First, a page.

The Apostles, therefore, and their legitimate successors are the persons to whom Christ entrusted the duty of forming in his name, among all nations and in all ages, a holy community or spiritual society; or, rather, of ex tending and strengthening the original society established by himself.

This spiritual society, consisting originally of the Apostles, disciples, and a few devout believers, became like the mustard-seed of the parable, a great tree whose branches were spread over all the earth. And this is the universal or Catholic Church, in which Christ, by the instrumentality of his Apostles and their successors, perpetuates forever his work of salvation and applies it to each individual soul. His truth, his saving grace, his redeeming sacrifice, all his merits as God-man from his birth to his death these are the glorious treasures of this society, the riches of that grand corporation in which each member, who has been duly admitted by baptism, has a right to participate. Therefore, when we speak of the Church we understand that holy society in which Jesus Christ exercises throughout all ages, by the instrumentality of the Apostles and their successors, the bishops and priests, his threefold office of Teacher, Priest, and King.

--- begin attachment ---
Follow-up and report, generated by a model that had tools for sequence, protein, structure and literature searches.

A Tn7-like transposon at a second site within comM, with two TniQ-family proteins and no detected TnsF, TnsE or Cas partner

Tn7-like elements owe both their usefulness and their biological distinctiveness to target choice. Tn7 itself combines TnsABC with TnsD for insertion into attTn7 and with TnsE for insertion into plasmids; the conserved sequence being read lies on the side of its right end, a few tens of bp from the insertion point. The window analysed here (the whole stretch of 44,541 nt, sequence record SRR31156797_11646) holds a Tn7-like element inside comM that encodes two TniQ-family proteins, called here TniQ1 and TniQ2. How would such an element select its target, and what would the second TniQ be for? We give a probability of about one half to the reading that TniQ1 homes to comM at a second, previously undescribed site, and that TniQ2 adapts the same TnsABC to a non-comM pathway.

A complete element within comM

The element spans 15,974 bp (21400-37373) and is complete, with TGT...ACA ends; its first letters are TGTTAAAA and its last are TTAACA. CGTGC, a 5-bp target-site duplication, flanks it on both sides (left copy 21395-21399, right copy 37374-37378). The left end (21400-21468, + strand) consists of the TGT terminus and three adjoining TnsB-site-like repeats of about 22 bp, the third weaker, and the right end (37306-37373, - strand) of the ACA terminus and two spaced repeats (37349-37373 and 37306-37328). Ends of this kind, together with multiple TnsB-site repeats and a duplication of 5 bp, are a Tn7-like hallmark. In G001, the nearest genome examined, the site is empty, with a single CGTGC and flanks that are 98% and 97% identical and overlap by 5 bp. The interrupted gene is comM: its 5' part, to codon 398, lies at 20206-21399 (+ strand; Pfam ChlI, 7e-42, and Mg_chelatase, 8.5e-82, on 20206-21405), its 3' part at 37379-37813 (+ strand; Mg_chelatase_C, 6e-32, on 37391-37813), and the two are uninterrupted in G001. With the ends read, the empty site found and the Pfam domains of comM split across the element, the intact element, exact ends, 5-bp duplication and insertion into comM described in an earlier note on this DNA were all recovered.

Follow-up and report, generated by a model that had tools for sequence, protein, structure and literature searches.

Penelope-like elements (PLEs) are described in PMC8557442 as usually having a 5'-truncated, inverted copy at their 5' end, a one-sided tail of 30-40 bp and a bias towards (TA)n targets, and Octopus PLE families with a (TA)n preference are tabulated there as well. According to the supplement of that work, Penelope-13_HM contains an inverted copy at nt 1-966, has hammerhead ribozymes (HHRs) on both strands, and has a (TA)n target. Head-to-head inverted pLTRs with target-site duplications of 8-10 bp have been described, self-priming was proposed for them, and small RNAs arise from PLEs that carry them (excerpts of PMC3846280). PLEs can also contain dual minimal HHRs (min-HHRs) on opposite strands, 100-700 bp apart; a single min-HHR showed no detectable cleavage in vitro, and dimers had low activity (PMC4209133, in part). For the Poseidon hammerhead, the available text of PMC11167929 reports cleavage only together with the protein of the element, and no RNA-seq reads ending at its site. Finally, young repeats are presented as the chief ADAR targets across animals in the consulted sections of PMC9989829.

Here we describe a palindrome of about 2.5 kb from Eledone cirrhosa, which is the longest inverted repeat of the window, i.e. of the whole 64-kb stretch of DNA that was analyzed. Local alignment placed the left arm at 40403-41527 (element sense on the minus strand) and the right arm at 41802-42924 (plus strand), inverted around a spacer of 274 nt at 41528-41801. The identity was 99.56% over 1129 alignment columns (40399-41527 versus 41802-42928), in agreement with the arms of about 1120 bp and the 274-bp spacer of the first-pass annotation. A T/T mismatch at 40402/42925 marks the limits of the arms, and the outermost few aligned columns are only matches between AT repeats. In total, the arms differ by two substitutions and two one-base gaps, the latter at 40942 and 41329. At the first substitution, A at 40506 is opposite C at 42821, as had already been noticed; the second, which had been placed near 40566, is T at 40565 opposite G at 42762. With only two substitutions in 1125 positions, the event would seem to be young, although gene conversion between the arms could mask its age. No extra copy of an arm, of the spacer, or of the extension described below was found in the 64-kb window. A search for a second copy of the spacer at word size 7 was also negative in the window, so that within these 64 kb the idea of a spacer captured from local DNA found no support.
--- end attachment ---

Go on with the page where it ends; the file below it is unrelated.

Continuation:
If the Church were a mere association of persons holding the same tenets, differing in no way from any other human society, it would not be the “mysterium fidei,” or the mystical body of Christians united to Christ. But the Church embraces, besides the visible that is to say, the laity of all nations and their ecclesiastical authorities also the Invisible; namely, the inheritance of Christ’s merits and the merits of his Saints, the treasures of truth and goodness, as well as supernatural guidance. It thus becomes a sublime mystery of faith, and hence the Christian can truthfully say, and with meaning, “I believe in one Holy Catholic Church.”

MLA Citation

  • Father Richard Brennan, LL.D. “What the Church Is”. Christ in His Church: A Catholic Church History, 1881. CatholicSaints.Info. 31 May 2018. Web. 22 March 2019. <>
  1. These laws and ordinances of the Apostles and their successors appertain to spiritual things, and not to civil affairs nor civic regulations. If, therefore, the management of political affairs has been in the hands of ecclesiastics from time to time, it was in consequence of divine providence, or on account of the confidence which Catholic princes and peoples reposed in their clergy.